Breast Biopsy Devices: Interventional Medicine Comes to Breast Cancer
This article was originally published in Start Up
In breast cancer, the need for less invasive alternatives to surgery is gaping, particularly on the diagnostic side. Following routine screening mammography, 1.4 million women in the US each year have breast biopsies once a radiologist identifies a suspicious lesion. However, only 20% of women undergoing biopsies will be found to have cancer and not just abnormal, but benign growths. Several new companies have gone to the drawing board to remedy the shortcomings of biopsy devices.
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J&J Subsidiary Biopsys pioneered minimally-invasive breast core biopsy and was the lone player in the market for years. But now, Suros Surgical Systems has launched a competing vacuum-assisted biopsys system that is making incursions on J&J's market share with an improved technology that is the first that is suitable for MRI-guided breast biopsy.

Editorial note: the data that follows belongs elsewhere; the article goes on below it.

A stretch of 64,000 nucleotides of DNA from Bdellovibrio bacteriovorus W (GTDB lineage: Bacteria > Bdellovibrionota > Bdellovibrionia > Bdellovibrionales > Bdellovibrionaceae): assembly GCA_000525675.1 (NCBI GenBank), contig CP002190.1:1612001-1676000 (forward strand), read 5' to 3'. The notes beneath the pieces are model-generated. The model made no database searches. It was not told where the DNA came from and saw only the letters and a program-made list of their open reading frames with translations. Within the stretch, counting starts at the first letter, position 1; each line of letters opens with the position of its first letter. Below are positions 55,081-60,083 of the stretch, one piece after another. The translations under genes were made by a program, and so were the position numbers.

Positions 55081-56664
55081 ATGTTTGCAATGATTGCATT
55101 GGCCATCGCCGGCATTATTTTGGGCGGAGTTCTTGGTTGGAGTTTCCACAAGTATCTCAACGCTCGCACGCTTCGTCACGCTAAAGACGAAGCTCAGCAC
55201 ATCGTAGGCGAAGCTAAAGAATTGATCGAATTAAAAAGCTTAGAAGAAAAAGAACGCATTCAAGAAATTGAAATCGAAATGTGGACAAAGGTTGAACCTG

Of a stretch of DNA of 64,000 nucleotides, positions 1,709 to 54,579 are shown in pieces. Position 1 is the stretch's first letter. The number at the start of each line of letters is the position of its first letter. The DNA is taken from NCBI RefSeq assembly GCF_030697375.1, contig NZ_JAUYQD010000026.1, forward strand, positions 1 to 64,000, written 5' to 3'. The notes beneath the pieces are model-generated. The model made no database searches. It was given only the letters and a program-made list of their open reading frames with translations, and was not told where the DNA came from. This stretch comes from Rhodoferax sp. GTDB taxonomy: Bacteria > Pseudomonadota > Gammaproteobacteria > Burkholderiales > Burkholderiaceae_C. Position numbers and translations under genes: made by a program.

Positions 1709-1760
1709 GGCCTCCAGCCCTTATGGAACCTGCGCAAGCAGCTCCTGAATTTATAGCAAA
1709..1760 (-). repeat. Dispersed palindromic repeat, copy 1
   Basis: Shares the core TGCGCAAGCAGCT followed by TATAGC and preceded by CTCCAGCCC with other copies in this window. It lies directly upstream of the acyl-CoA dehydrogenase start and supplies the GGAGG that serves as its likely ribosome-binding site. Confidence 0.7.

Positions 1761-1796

Artemis Medical hopes to combine the diagnostic accuracy of surgical biopsy with the comfort and rapid healing time of minimally invasive biopsy, with a device that can remove an architecturally intact 12mmX 14mm sample of tissue through a 6mm skin opening.
Every week just under 19,000 breast biopsies are performed in the US to find only 2,800 cancers. While tissue biopsies will always be necessary to determine the degree, invasiveness and stage of masses that are cancerous, the founder of BioLuminate thought there ought to be a less invasive way to initially rule out cancer to prevent large numbers of biopsies on benign tissue. He believes he's found it in smart probe technology licensed from NASA.